The Whyte Rose / Ferrara Ensemble
poétique anglo-bourguignonne au temps de Charles le Téméraire


"The present selection is biased more toward the pieces in English and by English composers in the later Burgundian period, but is a strong program nonethess. It also contains 3 illustrative motets."
Arcana A 301
enero de 1997
Église S. Germanus de Seewen (Soleure)

01 - Walter FRYE. Salve virgo mater    [5:21]
motet - alto, ténor, baryton

02 - My herte ys so plunget yn greffe     [1:20]
chanson lyrique - baryton

03 - The hye desire     [3:12]
ballade - viola d'arco, luth

04 - Walter FRYE. Alas alas alas my chief song     [3:11]
ballade - alto, ténor, harpe KD

05 - La Danse de Cleves     [2:23]
viola d'arco, dolce melos

06 - Antoine BUSNOIS. Je ne puis vivre ainsi tousjours     [6:07]
bergerette - alto, soprano, viola d'arco

07 - Johannes OCKEGHEM. Quand de vous seul je pers la veue     [5:43]
alto, harp KD, viola d'arco

08 - Robertus d'ANGLIA. El mal foco arda quella falsa lingua     [1:59]
soprano, ténor, viola d'arco

09 - Ballo de love     [4:23]
rebec, dolce melos, harpe MF, luth

10 - Antoine BUSNOIS. Anima liquefacta est ~ Stirps Jesse     [5:48]
motet - alto, ténor, baryton

11 - Thus y sompleyn my grevous hevynesse     [1:17]
soprano, alto

12 - Love wolle I withoute eny variaunce - T'Andernacken al op den Rijn    [3:03]
viola d'arco, luth

13 - My wofull hert of all gladnesse baryeyne     [6:00]
chanson lyrique - ténor, baryton, viola d'arco

14 - Robert MORTON. Le souvenir de vous me tue     [3:39]
rondeau - alto, ténor, baryton

15 - Fayre and discrete fresche wommanly figure     [2:22]
ballade -alto, ténor, luth

16 - MOLINET. Tart ara mon cuer sa plaisance     [5:31]
rondeau - soprano, ténor, viola d'arco

17 - Walter FRYE. Sospitati Dedit Egros ~ Deo Gratias ~ Amen     [5:18]
motet - alto, ténor, baryton

#1 :   Trento, Museo Provinciale d'arte, Castello del Buonconsiglio, Ms 88, f. 70v-71  
#2:   Dublin, Trinity College, MS 156, f. 92
#3/13/15:   London, British Library, MS add 5665 (Ritson), 68v-69 / 65v-66 / 72v-73
#4:   New Haven, Yale University, Mellon Chansonier, f. 77-79v
#5:   Bruxelles, Bibliothèque Royale Albert 1er, MS 9085, f. 22-23v with superius by Randall Cook & Crawford Young
#6/7:   Dijon, Bibliothèque municipale, MS 517, f. 37v-39 / f. 36v-37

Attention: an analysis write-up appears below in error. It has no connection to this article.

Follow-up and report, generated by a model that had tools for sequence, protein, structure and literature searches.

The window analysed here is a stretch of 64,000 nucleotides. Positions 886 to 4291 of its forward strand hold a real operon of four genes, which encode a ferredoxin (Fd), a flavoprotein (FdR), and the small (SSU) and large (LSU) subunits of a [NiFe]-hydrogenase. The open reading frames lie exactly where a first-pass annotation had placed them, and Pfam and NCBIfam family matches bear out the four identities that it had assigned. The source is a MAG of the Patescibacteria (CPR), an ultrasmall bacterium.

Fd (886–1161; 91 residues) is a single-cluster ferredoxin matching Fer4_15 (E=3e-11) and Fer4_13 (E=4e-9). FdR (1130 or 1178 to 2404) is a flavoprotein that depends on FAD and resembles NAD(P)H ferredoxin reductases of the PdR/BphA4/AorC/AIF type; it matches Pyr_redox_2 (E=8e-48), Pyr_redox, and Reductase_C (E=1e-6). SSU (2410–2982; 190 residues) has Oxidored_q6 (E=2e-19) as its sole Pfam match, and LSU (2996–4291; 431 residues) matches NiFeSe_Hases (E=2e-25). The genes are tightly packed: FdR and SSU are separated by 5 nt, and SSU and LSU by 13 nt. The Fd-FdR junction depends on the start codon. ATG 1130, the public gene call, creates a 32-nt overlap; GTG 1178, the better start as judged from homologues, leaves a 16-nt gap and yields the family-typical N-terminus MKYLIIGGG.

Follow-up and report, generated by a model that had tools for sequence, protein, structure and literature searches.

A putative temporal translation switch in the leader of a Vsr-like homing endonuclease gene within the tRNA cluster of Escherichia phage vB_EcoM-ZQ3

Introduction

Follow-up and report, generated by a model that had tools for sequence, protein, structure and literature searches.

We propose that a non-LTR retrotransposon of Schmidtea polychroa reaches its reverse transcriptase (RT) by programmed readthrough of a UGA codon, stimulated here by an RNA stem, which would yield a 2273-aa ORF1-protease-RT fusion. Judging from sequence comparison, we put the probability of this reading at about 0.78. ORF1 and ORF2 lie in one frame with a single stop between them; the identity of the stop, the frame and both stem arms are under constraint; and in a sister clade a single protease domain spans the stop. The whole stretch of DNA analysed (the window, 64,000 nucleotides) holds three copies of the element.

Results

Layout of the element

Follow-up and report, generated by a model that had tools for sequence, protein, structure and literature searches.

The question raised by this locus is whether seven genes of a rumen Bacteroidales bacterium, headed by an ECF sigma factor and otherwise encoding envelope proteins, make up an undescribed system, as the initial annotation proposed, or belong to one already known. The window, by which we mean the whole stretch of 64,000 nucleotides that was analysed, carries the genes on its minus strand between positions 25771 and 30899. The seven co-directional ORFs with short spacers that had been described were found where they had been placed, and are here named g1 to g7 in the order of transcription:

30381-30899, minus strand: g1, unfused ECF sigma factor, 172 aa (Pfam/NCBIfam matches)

#8:   Oporto, Bibliotheca Publica Municipal, MS 714, f. 76v-78
#9:   Oxford, Bodleian Library, MS Ashmole 1393, f. 68v, instr. adapt. by Crawford Young
#10:   Bruxelles, Bibliothèque Royale Albert 1er, MS 5557, f. 83v-84
#11:   Oxford, Bodleian Library, MS Ashmole 191, f. 193v
#12:   Oxford, Bodleian Library, MS Ashmole 1393, f. 68 / Trento, Museo Provinciale d'arte, Castello del Buonconsiglio, Ms 87, f. 198v-199
#14/16:   Copenhague, Det Kongelige Bibliotek, MS 291 8°, f.26 / f. 7-9
#17:   Cambridge, Magdalene College, MS Pepys 1236 f. 84v-86


Crawford Young

Lena Susanne Norin, alto
Kathleen Dineen, soprano, harpe
Eric Mentzel, ténor
Stephen Grant, barytone

Karl Heinz Schickhaus, dolce melos
Randall Cook, viola d'arco, rebec
Marion Fourquier, harpe
Crawford Young, luth

discografí del Ferrara Ensemble

According to local tradition in Northamptonshire, Edward of York first met Elizabeth Woodville under an oak tree in the vicinity of Grafton, where witches were said to hold their unholy meetings. Factual or not, history records that the King of England stole away from his entourage at Stony Stratford in the dawn's light following the Witches Sabbath (the last night of April, known in Germany as Walpurgisnacht), and rode over to Grafton Regis to the Woodville home. There he wedded Elizabeth, "in most secret manner, upon the first day of May (1464), which spousals were solemnised early in the morning at a town named Grafton, near Stony Stratford at which marriage was no persons present but the spouse, the spousess, the duchess of Bedford her mother, the priest, two gentlewomen and a young man to help the priest sing".

Attributed by some witchcraft on the part of Elizabeth or her mother, Edward's impulsive decision to marry Elizabeth Woodville was a fateful one, an act that would make a large contribution to the downfall of the "Whyte Rose" (the emblem of the House of York, as opposed to the Red Rose emblem of the House of Lancaster; hence the epithet "Wars of the Roses" for their conflict over the throne of fifteenth-century England). The Burgundian chronicler Jean de Waurin reported that, upon Edward's announcement of the marriage some four months after the fact, his royal council "answered that she was not his match, however good and however fair she might be, and he must know well that she was no wife for a prince such as himself; for she was not the daughter of a duke or earl, but her mother, the Duchess of Bedford, had married a simple knight, so that though she was a child of a duchess and niece of the count of St. Pol, still she was no wife for him". News of the clandestine ceremony traveled quickly through the civilized world. For the Milanese courtier/poet/dance master Antonio Comazzano, la Regina d'ingliterra was a paragon of virtue whose chaste resistance to the king's lustful advances made her willing to risk death from his dagger rather than dishonor her soul (whether Edward ever actually threatened Elizabeth in this manner is unclear, but this would seem unlikely), and by her constancy she became England's queen.